Karima Yousufi teaches both boys and girls in primary and upper secondary classes in Abdul Ghafor Nadeem Boys' High School, a pilot school for Inclusive Education in Kabul. As a mother of four, her love of children motivated Karima to become a teacher. Her husband and family also supported her decision. She graduated from Sayed Jamaluddin Teacher Training Institute and has been teaching for 20 years.
“At first I was very comfortable teaching girls and was concerned that boys would not obey a female teacher. However, after I learned about Inclusive Education, I now feels comfortable teaching both boys and girls. I believe that Inclusive Education enables teachers to accept diversity and equip them with skills to overcome challenges in their classrooms.”
“I worry about how Afghan culture reinforces gender stereotypes and its effect on what and how children learn in school. For example, girls often face difficulty in learning maths and scientific subjects, but are good in subjects related to housekeeping and social activities. But this is a result of how girls and boys are treated at school and not because of genetic or biological differences. I want other teachers to understand this point and work to solve this problem.”
“I also believe that if all girls are to be able to pursue their education, then more flexibility is needed at all levels of the system. I think Inclusive Education can open this door for girls and play a vital role in keeping them in education, because this approach is accommodating. I firmly believe girls can learn if more support is provided for them.”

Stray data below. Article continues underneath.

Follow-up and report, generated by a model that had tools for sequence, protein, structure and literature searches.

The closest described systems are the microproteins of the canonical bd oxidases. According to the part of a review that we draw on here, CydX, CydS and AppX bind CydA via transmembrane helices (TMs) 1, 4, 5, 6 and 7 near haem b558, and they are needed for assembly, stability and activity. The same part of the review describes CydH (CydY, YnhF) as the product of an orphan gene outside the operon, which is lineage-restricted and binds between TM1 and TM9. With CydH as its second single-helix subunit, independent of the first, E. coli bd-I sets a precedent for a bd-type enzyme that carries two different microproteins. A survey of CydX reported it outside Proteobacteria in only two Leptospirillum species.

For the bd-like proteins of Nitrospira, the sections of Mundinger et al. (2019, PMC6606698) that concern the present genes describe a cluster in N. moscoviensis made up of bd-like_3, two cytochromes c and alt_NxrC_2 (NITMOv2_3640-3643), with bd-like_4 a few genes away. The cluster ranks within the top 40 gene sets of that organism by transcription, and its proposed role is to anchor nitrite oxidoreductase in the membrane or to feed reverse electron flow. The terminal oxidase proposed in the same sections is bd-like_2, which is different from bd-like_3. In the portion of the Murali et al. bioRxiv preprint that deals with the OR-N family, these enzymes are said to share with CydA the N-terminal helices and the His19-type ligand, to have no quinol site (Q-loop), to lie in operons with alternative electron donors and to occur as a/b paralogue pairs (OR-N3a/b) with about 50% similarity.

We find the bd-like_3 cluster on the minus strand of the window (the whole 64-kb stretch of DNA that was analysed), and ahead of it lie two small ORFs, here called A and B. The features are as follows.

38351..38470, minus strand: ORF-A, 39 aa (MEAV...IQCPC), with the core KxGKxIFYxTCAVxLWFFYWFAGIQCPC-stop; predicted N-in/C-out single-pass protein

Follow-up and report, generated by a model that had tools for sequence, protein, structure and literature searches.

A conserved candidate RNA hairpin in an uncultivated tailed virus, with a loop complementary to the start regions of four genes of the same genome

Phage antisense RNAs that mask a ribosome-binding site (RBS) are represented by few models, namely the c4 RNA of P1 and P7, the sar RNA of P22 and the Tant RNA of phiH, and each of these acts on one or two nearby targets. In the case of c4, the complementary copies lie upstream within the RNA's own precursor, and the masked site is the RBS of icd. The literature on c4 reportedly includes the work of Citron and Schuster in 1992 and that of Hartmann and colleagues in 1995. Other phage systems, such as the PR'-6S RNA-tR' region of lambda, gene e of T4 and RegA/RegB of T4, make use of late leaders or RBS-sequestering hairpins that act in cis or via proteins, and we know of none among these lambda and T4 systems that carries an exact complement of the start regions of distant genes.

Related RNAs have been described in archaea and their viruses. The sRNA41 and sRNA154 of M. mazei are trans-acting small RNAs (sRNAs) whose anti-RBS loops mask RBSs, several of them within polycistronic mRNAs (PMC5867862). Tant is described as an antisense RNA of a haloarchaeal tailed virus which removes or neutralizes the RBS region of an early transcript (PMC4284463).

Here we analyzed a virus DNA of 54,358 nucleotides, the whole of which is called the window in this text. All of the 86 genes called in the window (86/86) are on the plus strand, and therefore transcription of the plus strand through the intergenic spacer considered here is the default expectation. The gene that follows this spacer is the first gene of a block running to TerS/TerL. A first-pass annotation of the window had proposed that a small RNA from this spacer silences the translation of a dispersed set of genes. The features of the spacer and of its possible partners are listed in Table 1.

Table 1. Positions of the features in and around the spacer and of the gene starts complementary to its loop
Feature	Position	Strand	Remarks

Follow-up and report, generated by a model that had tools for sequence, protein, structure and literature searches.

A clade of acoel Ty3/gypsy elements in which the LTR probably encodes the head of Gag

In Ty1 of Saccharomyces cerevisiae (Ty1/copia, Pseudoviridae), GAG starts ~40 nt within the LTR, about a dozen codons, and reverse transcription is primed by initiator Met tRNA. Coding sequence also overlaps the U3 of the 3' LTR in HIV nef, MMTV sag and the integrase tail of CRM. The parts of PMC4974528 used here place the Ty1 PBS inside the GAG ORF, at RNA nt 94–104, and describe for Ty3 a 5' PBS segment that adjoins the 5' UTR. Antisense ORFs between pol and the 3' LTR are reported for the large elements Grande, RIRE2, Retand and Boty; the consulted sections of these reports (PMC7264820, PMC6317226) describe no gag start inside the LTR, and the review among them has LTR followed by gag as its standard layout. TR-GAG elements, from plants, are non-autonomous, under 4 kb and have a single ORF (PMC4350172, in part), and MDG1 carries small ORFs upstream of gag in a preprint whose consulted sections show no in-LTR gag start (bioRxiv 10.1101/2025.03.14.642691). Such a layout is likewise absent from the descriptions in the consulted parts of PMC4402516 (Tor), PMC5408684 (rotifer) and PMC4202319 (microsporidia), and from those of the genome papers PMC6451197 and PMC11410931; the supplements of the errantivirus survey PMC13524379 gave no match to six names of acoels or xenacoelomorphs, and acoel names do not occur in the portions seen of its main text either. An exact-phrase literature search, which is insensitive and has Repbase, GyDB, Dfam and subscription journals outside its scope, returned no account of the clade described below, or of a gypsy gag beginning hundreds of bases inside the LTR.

“I have found that an inclusive, child-friendly education approach is a good and comprehensive methodology for teaching. It helps teachers to provide a welcoming and participatory atmosphere in their classes so that students can learn effectively. It also encourages teachers to involve the parents, which helps increase the quality of education. “
“I would like the training provided by Teacher Education Department (TED) to focus on new and updated teaching methodologies and pedagogy because this is what the new generation of students expect. They want more participatory approaches and are enthusiastic about contemporary issues, but teachers are often unable to fulfill their students' expectations.”
“I want teachers to be honest and strong as they play a vital role strengthening the roots of Afghan society. Teachers should be well prepared, have proper lesson plans and make an effort to understand the needs of their students.”